This week, the F1 world has descended into chaos as governing body FIA attempted to cover up an investigation into the engine that was used by Ferrari last season.
With the FIA recently releasing a statement that they had ‘reached a settlement’ with the Italian giants after the completion of a private investigation, they insisted that details of the settlement shall remain private.
This, however, is a decision that has brought a feeling inside the paddock that Ferrari may have breached strict engine rules on how much fuel is being consumed.
In a joint statement from seven of the teams, they have threatened legal action and demanded that the FIA release full details on their findings.
The statement reads, as per The Sun: "We, the undersigned teams, were surprised and shocked by the FIA's statement of Friday 28 February regarding the conclusion of its investigation into the Scuderia Ferrari F1 Power Unit.
"An international sporting regulator has the responsibility to act with the highest standards of governance, integrity and transparency.
"After months of investigations that were undertaken by the FIA only following queries raised by other teams, we strongly object to the FIA reaching a confidential settlement agreement with Ferrari to conclude this matter.
"Therefore, we hereby state publicly our shared commitment to pursue full and proper disclosure in this matter, to ensure that our sport treats all competitors fairly and equally.
"We do so on behalf of the fans, the participants and the stakeholders of Formula One.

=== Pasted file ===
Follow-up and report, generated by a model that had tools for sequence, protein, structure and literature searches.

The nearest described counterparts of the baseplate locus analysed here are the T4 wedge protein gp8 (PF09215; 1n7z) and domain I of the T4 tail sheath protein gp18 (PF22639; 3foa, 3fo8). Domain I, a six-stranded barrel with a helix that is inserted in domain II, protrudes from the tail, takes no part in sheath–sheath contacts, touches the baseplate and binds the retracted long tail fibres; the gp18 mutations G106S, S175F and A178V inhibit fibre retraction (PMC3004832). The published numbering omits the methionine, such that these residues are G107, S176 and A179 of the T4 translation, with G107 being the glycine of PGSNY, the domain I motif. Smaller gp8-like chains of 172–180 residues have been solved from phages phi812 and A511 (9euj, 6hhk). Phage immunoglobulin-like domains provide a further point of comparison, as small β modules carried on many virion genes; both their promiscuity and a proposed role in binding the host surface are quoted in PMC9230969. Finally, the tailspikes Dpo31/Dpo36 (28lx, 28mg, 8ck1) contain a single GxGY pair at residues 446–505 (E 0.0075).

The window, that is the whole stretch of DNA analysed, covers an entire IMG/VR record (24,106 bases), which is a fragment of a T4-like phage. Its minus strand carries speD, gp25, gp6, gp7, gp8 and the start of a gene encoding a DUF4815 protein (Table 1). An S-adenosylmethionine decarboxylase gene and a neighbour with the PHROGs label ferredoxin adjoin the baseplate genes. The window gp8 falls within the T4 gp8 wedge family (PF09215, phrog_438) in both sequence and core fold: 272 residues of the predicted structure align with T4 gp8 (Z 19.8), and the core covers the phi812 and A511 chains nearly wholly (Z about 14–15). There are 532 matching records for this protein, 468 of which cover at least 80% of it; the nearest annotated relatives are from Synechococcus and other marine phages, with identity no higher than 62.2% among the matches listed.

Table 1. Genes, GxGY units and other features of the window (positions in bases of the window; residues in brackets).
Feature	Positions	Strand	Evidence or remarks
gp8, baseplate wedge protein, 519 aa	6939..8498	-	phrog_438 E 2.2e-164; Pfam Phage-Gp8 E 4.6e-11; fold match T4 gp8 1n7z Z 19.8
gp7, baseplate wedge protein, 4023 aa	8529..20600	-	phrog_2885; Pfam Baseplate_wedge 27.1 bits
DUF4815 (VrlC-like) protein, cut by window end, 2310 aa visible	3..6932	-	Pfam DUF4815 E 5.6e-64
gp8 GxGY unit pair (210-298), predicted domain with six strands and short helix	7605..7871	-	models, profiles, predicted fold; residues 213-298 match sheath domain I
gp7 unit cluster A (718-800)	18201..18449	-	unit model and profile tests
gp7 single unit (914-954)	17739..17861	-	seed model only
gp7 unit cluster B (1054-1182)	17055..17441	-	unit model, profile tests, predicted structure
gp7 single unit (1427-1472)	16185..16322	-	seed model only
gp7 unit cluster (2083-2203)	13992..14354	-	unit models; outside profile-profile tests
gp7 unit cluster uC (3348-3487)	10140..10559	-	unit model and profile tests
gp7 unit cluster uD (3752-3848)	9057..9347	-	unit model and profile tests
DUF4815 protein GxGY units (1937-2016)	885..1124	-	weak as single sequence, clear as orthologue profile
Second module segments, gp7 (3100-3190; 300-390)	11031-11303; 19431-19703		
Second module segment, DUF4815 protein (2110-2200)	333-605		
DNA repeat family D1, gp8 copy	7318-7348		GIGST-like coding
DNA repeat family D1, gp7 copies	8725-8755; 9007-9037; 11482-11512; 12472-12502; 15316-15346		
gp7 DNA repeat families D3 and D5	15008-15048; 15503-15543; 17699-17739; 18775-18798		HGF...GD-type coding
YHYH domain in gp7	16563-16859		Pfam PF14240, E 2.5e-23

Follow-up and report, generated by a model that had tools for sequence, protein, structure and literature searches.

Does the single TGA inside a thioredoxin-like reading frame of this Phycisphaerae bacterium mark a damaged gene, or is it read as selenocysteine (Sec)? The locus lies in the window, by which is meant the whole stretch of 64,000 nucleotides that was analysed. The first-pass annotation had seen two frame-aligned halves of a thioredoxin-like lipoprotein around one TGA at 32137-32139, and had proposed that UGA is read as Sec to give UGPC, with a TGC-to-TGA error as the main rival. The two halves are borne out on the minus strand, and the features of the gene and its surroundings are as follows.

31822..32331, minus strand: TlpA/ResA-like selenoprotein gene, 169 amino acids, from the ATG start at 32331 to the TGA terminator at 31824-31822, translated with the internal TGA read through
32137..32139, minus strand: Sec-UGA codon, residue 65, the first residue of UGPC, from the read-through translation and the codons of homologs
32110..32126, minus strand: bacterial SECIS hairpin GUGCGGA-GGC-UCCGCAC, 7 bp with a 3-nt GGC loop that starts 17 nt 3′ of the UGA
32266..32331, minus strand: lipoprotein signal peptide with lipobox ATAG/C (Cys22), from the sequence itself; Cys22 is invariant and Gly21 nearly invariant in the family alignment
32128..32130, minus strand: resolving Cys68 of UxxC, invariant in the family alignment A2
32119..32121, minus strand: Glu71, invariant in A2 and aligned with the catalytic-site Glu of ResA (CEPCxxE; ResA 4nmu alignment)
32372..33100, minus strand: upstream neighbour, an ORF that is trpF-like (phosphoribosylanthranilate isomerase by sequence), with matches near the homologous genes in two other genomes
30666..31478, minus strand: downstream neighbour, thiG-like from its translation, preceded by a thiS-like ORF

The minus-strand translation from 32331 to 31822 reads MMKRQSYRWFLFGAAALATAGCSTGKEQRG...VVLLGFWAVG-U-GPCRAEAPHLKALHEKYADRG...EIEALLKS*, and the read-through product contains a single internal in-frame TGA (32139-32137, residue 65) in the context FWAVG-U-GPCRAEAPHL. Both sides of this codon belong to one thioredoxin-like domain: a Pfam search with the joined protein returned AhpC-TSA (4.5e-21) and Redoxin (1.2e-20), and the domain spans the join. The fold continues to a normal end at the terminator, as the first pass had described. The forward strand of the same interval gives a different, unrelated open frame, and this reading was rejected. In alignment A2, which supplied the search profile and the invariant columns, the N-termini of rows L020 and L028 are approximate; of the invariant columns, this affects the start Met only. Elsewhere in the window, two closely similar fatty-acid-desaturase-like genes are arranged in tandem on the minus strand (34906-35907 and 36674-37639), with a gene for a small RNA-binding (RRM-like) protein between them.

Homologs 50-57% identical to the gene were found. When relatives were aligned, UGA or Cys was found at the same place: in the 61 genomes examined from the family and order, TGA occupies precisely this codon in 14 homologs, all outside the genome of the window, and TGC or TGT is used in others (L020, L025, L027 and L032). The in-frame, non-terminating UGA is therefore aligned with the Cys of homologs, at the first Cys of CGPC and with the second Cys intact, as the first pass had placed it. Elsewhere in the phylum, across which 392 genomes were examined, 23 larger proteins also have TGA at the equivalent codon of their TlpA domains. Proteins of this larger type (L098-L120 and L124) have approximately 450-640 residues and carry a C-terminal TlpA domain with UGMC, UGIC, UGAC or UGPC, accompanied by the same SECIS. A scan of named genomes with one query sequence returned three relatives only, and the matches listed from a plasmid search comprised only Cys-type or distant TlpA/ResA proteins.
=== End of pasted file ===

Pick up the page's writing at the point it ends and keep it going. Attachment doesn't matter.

"In addition, we reserve our rights to seek legal redress, within the FIA's due process and before the competent courts."
This statement could potentially cause problems for the first race of the season in Melbourne, with the F1 season starting March 15.
Along with the coronavirus, this statement furthers the headache for owners Liberty Media, as they are already battling for the race to go ahead.
The outrage was sparked from accusations that Ferrari had developed a way to bypass the FIA’s software which monitors fuel usage by the engine, which in turn would give them an extra boost of speed.
Teams are rightly angry because of this and it's not just because of the FIA’s ‘settlement.’
They are also angered by the time of the release of this statement, as it comes after the designated six days of pre-season testing.
There is also a crucial line in the FIA statement, that being “specifics of the agreement will remain between the parties.”
There is no suggestion that any money was exchanged between the two parties, however, the FIA have claimed that Ferrari have agreed to a number of technical commitments, alongside helping the governing body with its research into carbon emissions and sustainable fuels.
- 2020 salaries revealed
- Horner: Red Bull could leave F1 if they lose Verstappen
- Ferrari could pull out of Australian GP